There are many reasons why an eternity ring may be given perhaps as an anniversary present or a celebratory gift to mark a special moment in a relationship such as the birth of a child. Eternity rings are normally comprised of a band of precious metal set with a continuous line of identically cut diamonds or gemstones to symbolise neverending love.
Nothing says ‘I’m in this for the long haul’ like presenting your loved-one with an eternity ring. These days, couples give each other eternity rings for all sorts of romantic reasons, but have you ever wondered who started the whole thing and why we wear them on our wedding ring finger? Well, wonder no more, with our list of 10 fascinating facts about these beautiful pieces.
1. The concept of an eternity ring can be traced back 4,000 years to the ancient Egyptians, who were said to offer them as a token of both eternal love and life. Early examples consisted of a circle of metal set with stones either on the top half of the ring or spanning the whole circumference. Some designs featured a serpent devouring its own tail, signifying infinity and the cycle of birth and death, referred to as the ‘ouroboros’.
2. Eternity rings today still come in half or full-eternity options, featuring precious stones usually set in gold or platinum. That said, the creative possibilities are endless. While they can feature any gem of choice, the most popular stone, unsurprisingly, is the diamond. With their incredible strength and durability, diamonds have, for centuries, symbolised unwavering devotion, fidelity and friendship. And, of course, they are the most precious stone, so no surprises they top the list when it comes to romantic gestures. But diamonds are also said to represent the future, acting as a promise of an eternal life of closeness together. When set in an eternity ring, this message is magnified by encircling the finger in a never-ending band of meaning.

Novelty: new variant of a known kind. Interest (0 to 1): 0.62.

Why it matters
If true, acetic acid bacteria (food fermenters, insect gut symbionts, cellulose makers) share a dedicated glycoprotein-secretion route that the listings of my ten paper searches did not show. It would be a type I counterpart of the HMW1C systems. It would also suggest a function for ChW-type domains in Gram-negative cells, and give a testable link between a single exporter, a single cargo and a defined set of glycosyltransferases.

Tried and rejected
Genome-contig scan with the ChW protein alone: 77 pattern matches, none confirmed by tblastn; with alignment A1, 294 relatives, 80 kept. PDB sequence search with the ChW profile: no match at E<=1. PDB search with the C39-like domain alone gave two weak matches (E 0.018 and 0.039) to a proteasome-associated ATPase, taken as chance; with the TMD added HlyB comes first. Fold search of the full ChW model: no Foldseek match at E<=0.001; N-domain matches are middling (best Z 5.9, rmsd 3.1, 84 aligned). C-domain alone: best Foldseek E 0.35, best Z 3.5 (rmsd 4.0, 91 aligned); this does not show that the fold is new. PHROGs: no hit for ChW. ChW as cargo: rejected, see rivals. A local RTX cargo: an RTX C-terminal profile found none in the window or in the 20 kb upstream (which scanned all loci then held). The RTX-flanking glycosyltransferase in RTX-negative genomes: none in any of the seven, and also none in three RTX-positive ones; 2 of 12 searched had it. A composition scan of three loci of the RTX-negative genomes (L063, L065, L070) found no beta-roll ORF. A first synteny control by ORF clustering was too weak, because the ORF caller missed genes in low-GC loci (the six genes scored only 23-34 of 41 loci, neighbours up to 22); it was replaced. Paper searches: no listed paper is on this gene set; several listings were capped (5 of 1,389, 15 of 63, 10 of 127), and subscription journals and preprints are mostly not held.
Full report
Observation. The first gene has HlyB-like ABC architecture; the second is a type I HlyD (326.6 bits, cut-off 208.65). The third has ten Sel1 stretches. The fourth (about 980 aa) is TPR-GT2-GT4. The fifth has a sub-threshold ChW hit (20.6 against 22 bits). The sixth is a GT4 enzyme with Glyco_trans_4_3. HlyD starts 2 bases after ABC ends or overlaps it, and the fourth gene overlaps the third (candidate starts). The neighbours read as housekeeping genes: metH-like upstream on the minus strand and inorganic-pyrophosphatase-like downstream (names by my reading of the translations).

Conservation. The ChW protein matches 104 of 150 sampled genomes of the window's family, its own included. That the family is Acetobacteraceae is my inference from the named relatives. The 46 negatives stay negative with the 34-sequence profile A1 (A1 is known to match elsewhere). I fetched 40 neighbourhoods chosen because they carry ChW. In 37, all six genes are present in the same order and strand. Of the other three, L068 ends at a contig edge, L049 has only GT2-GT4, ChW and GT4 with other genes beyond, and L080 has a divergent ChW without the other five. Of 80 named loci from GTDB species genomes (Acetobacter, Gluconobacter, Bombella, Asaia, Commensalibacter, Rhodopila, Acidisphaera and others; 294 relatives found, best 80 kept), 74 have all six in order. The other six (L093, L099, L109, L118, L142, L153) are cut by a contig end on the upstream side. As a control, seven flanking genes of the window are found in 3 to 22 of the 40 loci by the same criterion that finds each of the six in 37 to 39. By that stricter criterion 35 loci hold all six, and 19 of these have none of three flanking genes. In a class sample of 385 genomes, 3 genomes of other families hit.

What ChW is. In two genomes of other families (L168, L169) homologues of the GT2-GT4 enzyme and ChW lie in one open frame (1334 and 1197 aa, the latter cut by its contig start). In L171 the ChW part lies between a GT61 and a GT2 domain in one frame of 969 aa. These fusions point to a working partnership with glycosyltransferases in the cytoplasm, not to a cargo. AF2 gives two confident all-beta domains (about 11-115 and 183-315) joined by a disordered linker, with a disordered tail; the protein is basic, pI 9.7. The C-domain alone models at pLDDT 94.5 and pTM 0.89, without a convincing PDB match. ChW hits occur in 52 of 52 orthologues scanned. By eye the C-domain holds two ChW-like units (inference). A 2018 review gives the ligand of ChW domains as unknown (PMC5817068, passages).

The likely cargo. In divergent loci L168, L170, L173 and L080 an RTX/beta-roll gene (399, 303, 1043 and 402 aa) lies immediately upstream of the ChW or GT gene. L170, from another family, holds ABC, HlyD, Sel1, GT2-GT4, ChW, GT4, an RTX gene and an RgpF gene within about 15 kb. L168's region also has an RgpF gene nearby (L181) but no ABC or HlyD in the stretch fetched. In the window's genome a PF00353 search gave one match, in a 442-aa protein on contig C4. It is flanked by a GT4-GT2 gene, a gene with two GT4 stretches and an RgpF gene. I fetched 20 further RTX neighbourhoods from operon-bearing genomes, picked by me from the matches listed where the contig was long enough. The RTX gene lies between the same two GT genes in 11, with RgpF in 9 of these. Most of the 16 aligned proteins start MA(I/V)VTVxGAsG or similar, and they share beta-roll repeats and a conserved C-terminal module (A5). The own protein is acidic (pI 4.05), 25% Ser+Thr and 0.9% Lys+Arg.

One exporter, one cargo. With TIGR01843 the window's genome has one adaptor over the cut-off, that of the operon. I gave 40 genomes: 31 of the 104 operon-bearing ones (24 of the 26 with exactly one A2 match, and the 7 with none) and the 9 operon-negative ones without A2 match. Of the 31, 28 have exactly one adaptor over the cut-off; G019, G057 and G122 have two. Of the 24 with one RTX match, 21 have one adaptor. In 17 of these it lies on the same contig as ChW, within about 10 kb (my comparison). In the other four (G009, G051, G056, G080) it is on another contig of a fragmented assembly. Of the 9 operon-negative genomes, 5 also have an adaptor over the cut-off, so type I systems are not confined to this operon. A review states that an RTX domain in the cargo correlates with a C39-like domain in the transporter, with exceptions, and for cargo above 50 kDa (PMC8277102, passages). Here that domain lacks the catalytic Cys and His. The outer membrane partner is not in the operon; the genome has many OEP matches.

Material from the tomb treasure of King Tutankhamun, 18th dynasty, with the ouroboros framing the figure’s face. Photo by Djehouty.
3. The popularity of the diamond eternity ring dates back to the 1960s and it’s all thanks to a clever advertising campaign by diamond merchant DeBeers. According to an investigative journalist named Edward Jay Epstein, the company had a secret deal with the Soviet Union whereby it agreed to purchase 90-95% of the uncut diamonds produced by Russia in return for a single channel controlling the world’s supply of these precious gems. These Soviet diamonds were small (often less than 0.25 carats) so, to avoid stockpiling, DeBeers came up with a cunning plan. They used the delicate stones to make eternity rings and promoted them as gifts for husbands to give their wives. One advertising slogan read: ‘She married you for richer or poorer. Let her know how it’s going.’
4. Traditionally, diamonds are given to celebrate a couple’s 60th wedding anniversary, but few of us wait that long now. Modern eternity rings are presented for a whole host of reasons: some of us give them as a gift after one year of marriage, some after 10 years. Others choose a different sort of milestone, such as the birth of a first child. In this instance, the baby’s birthstone is often combined with diamonds to add to the ring’s sentimental value. Eternity rings are also popular with those looking to upgrade their wedding bands, perhaps because they are in a better financial position than when they bought their original wedding ring.